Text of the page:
It has become evident that when the OU Kashrus Department visits Orthodox communities through its Harry H. Beren ASK OU Outreach program, the reaction in those neighborhoods is amazing. Following the shiurim and the panel discussions, audiences in the hundreds surround the rabbanim, mob them, shake their hands, and ask more questions before the noted rabbis go home.
It has happened in Lakewood; it has happened in Monsey; it has happened in Flatbush; it has happened in Far Rockaway/Five Towns; it has happened in Los Angeles – and now it has happened in Boro Park.
Last Sunday, ASK OU Outreach, sponsored by the Harry H. Beren Foundation of Lakewood, NJ, paid it first visit to Boro Park, visiting Agudas Yisroel Zichron Moshe on 50th Street for “Halacha and OU Policy,” the OU’s first session on the relationship between the OU and heimishe hashgochos. According to Rabbi Yosef Grossman, Director of OU Kosher Education, who coordinates all of the Beren programs, “There was an overflow standing-room only crowd of close to 500, with approximately 100 in the Ezras Nashim upstairs.” It was, he said, “the largest crowd for any event in this shul.” He added that “the tremendous feeling of achdus among all the different types of Torah Jews was palpable.”
Among those in attendance were Dr. Simcha Katz, newly installed President of the OU, who traveled from Teaneck, NJ for the occasion; and Dr. Benzion Krupka, of Far Rockaway, Chairman of Kashrus Education. Prior to becoming OU President earlier this month, Dr. Katz was chair of the OU Kashrus Commission.
As always, the presenters were an eminent group, known for their great learning as well as their skills as teachers. They included, for the session on Halacha and OU Policy, OU Posek Rav Yisroel Belsky; Rabbi Menachem Genack, CEO of OU Kosher; Rabbi Moshe Elefant, COO of OU Kosher and a special addition to the panel, the Nirbater Rav, Rav Aharon Teitelbaum, whose presence “demonstrated the close relationship between the OU and other heimishe hashgochos,” Rabbi Grossman said.
An added attraction was OU Rabbinic Coordinator and fish expert Rabbi Chaim Goldberg, who enthralls his audience whenever he gives a presentation. He spoke on current issues regarding the kashrus of fish, including several recent situations concerning insects found in sardines.
When it was over and the audience joined the rabbanim, “There was a mass encirculation /encapsulation/swarming around Rabbis Belsky, Genack and Elefant post-program by the overflowing crowd,” said Dr. Katz, the new OU President.
According to Rabbi Grossman, the reason for the Nirbater Rav’s addition to the panel, besides demonstrating the close relationship between the OU and heimishe hashgochos, was to speak “for the first time publicly about a kashrus issue which began three years ago concerning the acceptance of meat from an animal whose stomach had a discoloration raising the possibility of perhaps having a needle thrust there which would cause the animal to be considered treif. The Rav explained in great detail his and the OU’s position, as well as that of many other experts, that the animal was in fact, 100 percent kosher.”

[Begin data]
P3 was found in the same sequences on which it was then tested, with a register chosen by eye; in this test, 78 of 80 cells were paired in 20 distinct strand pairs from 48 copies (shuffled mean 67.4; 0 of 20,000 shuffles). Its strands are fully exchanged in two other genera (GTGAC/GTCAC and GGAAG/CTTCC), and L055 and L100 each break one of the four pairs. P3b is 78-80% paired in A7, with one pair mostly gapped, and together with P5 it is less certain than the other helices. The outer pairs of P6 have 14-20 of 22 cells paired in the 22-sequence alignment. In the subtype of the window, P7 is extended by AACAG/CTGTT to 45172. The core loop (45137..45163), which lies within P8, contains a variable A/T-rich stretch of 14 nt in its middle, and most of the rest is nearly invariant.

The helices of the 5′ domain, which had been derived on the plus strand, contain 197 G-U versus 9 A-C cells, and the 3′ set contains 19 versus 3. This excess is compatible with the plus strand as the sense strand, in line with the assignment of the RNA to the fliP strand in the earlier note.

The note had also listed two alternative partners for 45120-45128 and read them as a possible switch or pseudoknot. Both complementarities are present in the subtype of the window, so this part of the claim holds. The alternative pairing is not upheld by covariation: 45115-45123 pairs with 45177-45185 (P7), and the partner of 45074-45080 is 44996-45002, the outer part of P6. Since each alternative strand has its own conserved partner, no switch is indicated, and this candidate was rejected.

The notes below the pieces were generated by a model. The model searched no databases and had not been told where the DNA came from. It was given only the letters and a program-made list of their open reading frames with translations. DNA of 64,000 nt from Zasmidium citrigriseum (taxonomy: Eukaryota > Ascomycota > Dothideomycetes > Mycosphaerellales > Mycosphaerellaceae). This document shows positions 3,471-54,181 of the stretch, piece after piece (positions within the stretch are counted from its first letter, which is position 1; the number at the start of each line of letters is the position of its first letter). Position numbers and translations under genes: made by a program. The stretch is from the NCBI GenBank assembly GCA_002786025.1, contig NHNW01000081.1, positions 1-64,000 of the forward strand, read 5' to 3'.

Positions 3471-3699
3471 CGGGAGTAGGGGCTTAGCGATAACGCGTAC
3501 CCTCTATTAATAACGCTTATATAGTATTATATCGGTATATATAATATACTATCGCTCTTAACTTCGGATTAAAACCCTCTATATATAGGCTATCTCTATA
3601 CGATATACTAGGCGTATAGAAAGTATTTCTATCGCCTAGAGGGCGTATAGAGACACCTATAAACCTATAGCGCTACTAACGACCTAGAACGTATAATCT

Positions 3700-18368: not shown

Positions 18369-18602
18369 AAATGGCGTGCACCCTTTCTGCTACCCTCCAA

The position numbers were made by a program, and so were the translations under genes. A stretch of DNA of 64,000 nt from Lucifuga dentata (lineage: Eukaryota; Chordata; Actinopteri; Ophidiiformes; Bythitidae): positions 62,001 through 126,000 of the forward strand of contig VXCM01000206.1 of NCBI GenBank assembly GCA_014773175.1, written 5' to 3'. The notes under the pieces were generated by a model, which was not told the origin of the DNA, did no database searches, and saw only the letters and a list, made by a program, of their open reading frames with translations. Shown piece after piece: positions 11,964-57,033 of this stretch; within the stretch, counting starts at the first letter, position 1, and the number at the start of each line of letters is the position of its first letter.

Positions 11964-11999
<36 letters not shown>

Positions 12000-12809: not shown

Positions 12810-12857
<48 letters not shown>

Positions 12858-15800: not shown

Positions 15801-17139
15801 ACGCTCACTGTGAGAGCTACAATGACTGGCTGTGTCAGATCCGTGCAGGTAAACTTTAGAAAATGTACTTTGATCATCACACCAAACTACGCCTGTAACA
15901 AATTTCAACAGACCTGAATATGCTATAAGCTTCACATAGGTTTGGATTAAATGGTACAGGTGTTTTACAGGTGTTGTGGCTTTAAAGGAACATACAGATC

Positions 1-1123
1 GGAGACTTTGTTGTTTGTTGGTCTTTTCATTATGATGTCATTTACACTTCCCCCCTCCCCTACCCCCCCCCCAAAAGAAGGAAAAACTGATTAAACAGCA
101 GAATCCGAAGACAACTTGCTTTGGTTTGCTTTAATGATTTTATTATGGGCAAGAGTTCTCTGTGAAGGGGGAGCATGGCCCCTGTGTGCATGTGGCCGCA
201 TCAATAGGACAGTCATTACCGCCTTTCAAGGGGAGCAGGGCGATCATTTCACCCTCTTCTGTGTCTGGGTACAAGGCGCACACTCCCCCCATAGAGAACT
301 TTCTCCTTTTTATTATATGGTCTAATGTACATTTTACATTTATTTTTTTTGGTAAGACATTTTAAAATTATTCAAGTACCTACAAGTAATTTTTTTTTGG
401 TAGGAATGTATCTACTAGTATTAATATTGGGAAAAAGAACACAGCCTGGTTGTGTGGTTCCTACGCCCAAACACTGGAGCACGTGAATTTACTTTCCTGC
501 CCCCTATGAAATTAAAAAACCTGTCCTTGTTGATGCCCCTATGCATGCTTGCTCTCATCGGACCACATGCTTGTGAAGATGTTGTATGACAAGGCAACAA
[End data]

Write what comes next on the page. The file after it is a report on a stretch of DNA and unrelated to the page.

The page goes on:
One significant issue that came up during the rabbi’s panel was the OU’s position to permit Cholov Stam based on Rav Moshe Feinstein, the Chazon Ish and many other halachic decisors, “to provide kosher dairy products for Jews living throughout the United States,” explained Rabbi Genack.
Rav Belsky added that, “At the same time, the OU is not lenient when it comes to other products produced on the same lines as Cholov Stam products, being sensitive to the needs of the non-Cholov Stam consumer.”
Rabbi Elefant pointed out that when the OU has a joint hechsher with a heimishe hashgocho, each hechsher agrees to abide by the stringencies of the other.”
In addition to absorbing the great learning they heard, participants snapped up the extra added attractions, including copies of OU Kosher’s Daf HaKashrus magazine, and a video, “How to Kasher,” with demonstrations by the kashering expert Rabbi Moshe Perlmutter. “Whatever we brought there was taken home. Nothing was left,” Rabbi Grossman said. “The audience demonstrated a tremendous thirst for kashrus information, particularly by the amount of questions they wanted answered.”
Comments of the audience reflected this thirst. “I must say that I enjoyed the conference immensely,” wrote Solomon in an email. “The only problem was that it was too short.”
Noah agreed. In his email he wrote, “Thank you very much and thank you for a fabulous and immensely beneficial presentation last night in the Agudah shul.”